D-Day veterans gather to mark storming of beaches

Veterans commemorate D-Day at Ashfield District Council
Veterans commemorate D-Day at Ashfield District Council

Four of Ashfield’s D-Day veterans marked the 70th anniversary of the Normandy Landings by attending a special afternoon tea hosted by the chairman of the council.

Reginald Hewitt, 93, a Corporal in the Artillery Service Corps, and 90-year-old George Durant, who served in the Marines, both of Kirkby-in-Ashfield, attended with Bill Hill, 93, of Selston who was a gunner in the navy and signalman Eddie Wilbraham, 94, of Jacksdale.

Eddie was sent to Gold Beach in Normandy and remembered arriving there in the dark.

“We’d been waiting in an encampment in Thetford for a few days, and then were put on a lorry to the coast,” he said.

“I can clearly remember that there was a heavy swell when we landed in France and it was very difficult to get off the boat.”

Reg Hewitt was sent to Sword Beach and said that although it was very frightening he could feel there was a sense of everyone working towards a turning point in the war.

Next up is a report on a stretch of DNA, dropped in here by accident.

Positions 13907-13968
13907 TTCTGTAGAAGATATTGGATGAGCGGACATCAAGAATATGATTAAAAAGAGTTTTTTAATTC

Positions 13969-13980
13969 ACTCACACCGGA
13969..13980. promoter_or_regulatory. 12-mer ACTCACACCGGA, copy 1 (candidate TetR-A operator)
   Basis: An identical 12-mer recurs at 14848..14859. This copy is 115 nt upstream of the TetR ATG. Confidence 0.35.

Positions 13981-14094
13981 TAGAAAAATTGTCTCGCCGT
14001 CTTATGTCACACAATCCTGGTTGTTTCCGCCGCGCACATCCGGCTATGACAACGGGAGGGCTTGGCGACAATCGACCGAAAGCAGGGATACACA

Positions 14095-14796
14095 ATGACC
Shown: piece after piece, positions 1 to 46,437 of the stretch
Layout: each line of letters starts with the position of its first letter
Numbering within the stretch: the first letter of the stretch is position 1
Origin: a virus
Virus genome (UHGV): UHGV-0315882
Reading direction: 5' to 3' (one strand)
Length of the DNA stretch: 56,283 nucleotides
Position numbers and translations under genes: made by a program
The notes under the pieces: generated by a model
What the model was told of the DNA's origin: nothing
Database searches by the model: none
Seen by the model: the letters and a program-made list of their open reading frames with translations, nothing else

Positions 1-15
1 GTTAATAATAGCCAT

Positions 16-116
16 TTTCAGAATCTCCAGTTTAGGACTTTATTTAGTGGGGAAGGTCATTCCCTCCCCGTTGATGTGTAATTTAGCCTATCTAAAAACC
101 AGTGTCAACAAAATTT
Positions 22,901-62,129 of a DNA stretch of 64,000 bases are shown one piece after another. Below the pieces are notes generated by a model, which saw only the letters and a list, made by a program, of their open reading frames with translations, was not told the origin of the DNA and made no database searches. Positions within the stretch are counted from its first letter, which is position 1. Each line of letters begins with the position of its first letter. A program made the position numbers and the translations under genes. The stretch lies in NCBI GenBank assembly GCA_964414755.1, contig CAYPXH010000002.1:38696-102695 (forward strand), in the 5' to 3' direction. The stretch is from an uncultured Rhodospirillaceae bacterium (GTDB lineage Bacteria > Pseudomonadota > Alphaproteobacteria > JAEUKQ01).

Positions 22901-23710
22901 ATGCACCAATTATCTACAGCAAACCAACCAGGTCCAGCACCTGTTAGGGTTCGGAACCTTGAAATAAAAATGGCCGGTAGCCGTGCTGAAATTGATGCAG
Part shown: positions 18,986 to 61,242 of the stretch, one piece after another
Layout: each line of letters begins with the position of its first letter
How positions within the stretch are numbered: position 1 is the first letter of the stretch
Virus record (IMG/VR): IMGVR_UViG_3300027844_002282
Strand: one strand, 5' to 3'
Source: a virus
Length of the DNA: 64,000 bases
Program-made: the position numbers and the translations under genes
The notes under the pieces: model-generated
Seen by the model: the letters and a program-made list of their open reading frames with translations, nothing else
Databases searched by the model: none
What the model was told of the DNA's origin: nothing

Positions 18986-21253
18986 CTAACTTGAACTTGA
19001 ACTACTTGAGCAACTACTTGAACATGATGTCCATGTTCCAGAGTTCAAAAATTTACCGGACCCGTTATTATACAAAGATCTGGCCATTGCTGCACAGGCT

“I’ve spent a long time thinking about my old pals today – the ones who didn’t come back. It was very frightening, but you could tell there was a turning point coming.”

George Durant, who served in the Marines, experienced Sword and Juno beach.

“At first we all thought it was a practice,” he said, “but we very soon realised that it was the real thing. It was alarming – you could tell that there was something major taking place.”

“Anniversaries like this bring back a lot of memories. I lost a lot of comrades. We were on a landing craft, and some many were killed, shelled at sea.”

The youngest member of the group at 88, Eric Stone, served in the Navy and was sent to Sword beach. “I remember being on the landing craft with 12 comrades and all I could think was will any of us go home. It was the early hours of the morning and the noise was unbearable. At that time I did not think I was going to survive.”

Councillor Elizabeth Mays said: “It is a great honour for us to be able to offer this small gesture of thanks to these men for all they did for us seventy years ago.

“I am truly proud to meet them and hear of their experiences.”

Leader of the Council coun Chris Baron said: “It is a great privilege for me, as an ex-serviceman, to acknowledge these men’s loyalty and bravery and to welcome them as guests of the Council on this great occasion.”